It should seem more bizarre to see Kelsey Grammer grimacing and striding around in such an aggressively dramatic role as Mayor Tom Kane — what with his decades of pretentious buffoonery on Cheers and Frasier — but somehow it just feels natural. Grammer is clearly the heart of Boss, which debuted on Starz last night, and after a string of failed sitcoms, he might have found just where he needed to be. Like bar-buddy Ted Danson, gritty, high-powered television drama becomes him. Now all we need is an FX series starring John Ratzenberger as a merciless drug kingpin.
From what we saw last night, Kane is the kind of ruthless, I-do-it-because-I-have-to corrupt politician that for some reason has become pop culturally synonymous with the city of Chicago. I’d like to think that most mayors aren’t given sliced-off ears in tasteful mahogany boxes at charity functions, but who knows these days. He’s certainly compelling enough as a character to give you the sense that even if certain peripheral narratives fade out disappointingly as the first season progresses, there will still be something here worth watching. Personally, I nominate Kane’s daughter’s drug problem as the plotline most likely to immediately overstay its welcome.
It’s interesting that not much attention is given to politics as the public knows it. Kane’s party affiliation is never even overtly mentioned, although it’s probably safe to say that he is a Democrat considering that Chicago hasn’t picked Red over Blue since 1931. But the show is more about the backroom dealings, the trickle-down threats, the trickle-up bribes, and the survivalist mentality of “you scratch my back, I stab yours” than it is about scoring political points. It will also be interesting to see how Kane’s illness plays into the season to come, whether it will be more of a test of willpower like President Bartlett’s multiple sclerosis in The West Wing, or a grim inevitability that makes permissible all things like in Breaking Bad. One thing’s for sure: Morally speaking, Kane doesn’t have quite quite as far to fall as Walter White.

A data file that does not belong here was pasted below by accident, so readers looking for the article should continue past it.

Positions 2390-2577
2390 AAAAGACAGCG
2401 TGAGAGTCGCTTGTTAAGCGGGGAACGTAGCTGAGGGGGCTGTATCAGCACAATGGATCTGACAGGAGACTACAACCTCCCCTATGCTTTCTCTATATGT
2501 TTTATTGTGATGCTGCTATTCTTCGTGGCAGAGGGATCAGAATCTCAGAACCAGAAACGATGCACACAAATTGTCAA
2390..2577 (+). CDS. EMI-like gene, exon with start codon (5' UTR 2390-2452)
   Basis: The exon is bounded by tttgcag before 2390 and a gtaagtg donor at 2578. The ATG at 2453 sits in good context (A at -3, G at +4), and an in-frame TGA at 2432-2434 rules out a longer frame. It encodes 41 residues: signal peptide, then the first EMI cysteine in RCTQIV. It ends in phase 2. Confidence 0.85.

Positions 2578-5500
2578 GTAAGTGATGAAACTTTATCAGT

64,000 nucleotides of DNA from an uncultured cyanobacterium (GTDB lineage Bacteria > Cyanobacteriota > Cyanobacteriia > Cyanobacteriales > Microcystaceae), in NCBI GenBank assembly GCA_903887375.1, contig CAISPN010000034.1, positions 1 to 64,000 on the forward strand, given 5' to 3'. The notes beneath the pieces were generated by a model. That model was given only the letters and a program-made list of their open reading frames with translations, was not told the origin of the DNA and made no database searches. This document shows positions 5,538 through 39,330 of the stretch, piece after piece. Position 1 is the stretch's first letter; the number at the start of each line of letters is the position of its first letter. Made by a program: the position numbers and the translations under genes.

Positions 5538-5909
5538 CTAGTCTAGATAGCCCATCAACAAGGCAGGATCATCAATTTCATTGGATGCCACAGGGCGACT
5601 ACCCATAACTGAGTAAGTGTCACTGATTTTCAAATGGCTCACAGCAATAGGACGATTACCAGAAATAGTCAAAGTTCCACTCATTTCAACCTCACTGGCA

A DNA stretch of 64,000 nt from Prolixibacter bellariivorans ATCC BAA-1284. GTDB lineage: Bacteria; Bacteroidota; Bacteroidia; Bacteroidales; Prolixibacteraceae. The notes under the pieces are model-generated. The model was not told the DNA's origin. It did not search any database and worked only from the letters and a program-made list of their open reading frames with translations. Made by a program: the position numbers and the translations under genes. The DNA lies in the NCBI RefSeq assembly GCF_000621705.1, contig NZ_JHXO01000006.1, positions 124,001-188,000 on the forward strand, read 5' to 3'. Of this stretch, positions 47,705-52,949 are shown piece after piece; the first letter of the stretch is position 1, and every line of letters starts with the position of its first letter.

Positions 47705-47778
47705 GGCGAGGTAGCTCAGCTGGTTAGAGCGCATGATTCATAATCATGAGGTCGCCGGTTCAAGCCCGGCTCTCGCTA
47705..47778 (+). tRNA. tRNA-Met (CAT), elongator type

Those of you who caught it, what did you think of the first episode? Does Boss show promise?